Commonly, upon achieving some sort of long term goal, a leader is supposed to have some sort of rousing speech full of pithy insights and inspiring prose.

But what of long-term goals that ultimately involve only the leader? Who are those speeches really for, anyway?

In short: I don’t have a speech or a big post to commemorate the last year I have spent celibate, without intoxicants, focused on my own health and what ended up being yet another extensive series of transformations within transformations.

I don’t have a lot to say about the lessons, the experiences, the challenges, the tests, the few times I faltered and righted myself just in time.

I don’t have a lot to say about the subtle fueling clarity of being sober, how much I like it, or how avoiding bonding sexually did not in fact serve to keep me from breaking my own heart open on others’ moats lined with jagged backbiting rocks.

I imagine at some point when I have easy access to a computer again I will go back and read through my YotN posts, to reflect on all the journey has taught and shown me, much of which I wrote very little about.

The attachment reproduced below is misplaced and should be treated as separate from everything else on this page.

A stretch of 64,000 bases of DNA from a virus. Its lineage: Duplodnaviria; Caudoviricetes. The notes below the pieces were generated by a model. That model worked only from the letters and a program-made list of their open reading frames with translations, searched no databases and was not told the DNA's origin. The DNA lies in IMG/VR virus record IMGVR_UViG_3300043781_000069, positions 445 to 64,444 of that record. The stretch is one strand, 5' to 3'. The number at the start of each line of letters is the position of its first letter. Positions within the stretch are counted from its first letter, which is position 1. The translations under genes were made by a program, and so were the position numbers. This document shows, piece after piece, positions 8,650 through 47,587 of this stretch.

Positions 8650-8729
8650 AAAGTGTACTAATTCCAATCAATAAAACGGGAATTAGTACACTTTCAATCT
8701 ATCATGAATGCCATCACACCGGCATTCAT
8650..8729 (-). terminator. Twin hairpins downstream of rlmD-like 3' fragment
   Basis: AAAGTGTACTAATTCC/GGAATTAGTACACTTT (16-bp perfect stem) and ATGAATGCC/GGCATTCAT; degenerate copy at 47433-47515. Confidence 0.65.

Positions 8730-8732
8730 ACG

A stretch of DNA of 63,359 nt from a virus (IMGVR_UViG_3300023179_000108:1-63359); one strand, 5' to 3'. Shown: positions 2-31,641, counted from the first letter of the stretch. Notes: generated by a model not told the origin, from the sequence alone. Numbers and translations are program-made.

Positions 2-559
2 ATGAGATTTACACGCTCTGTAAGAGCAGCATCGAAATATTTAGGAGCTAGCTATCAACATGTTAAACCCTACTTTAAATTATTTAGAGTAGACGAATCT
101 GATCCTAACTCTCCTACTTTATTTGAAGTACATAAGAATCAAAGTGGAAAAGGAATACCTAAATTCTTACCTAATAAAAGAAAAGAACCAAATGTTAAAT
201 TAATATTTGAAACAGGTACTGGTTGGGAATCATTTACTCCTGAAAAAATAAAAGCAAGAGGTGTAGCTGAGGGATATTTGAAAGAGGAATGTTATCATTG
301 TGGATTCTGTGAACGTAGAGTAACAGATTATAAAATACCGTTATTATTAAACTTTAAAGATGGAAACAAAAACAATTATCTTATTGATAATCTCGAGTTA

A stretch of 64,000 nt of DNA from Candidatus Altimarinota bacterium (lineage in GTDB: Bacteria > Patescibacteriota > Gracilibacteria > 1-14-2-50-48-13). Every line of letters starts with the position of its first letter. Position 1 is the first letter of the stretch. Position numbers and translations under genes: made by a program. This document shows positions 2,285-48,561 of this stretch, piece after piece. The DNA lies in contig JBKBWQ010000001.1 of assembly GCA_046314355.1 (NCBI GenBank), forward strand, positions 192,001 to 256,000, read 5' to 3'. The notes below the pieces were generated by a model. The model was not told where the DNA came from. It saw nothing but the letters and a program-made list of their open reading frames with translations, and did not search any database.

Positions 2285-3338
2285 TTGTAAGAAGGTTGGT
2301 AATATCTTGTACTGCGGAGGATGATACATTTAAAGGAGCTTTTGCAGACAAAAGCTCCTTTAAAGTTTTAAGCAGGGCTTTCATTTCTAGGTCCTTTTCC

I might also observe how the changes in my life which I adopted as part of YotN supported me in the massive internal shifts that had been so long coming and still continue to come. How challenging my most deeply embedded patterns of self avoidance accelerated me to the point that, sometimes, I actually felt my skin ballooning from my bones and whipping off.

I might have more rousing speeches in me, then. Maybe.

For now, I’ll let something my dad randomly said at lunch today speak for me:

“You’ve really become a free spirit, haven’t you?”

‘I guess that depends on what your definition of a free spirit is?’ (Expecting some gripe about what a vandwelling hippie I am about to be)

“You’re not bogged down in an 8 to 5. And, when you want to change something, you… Change it.”

Yeah.

Yeah, I fucking do.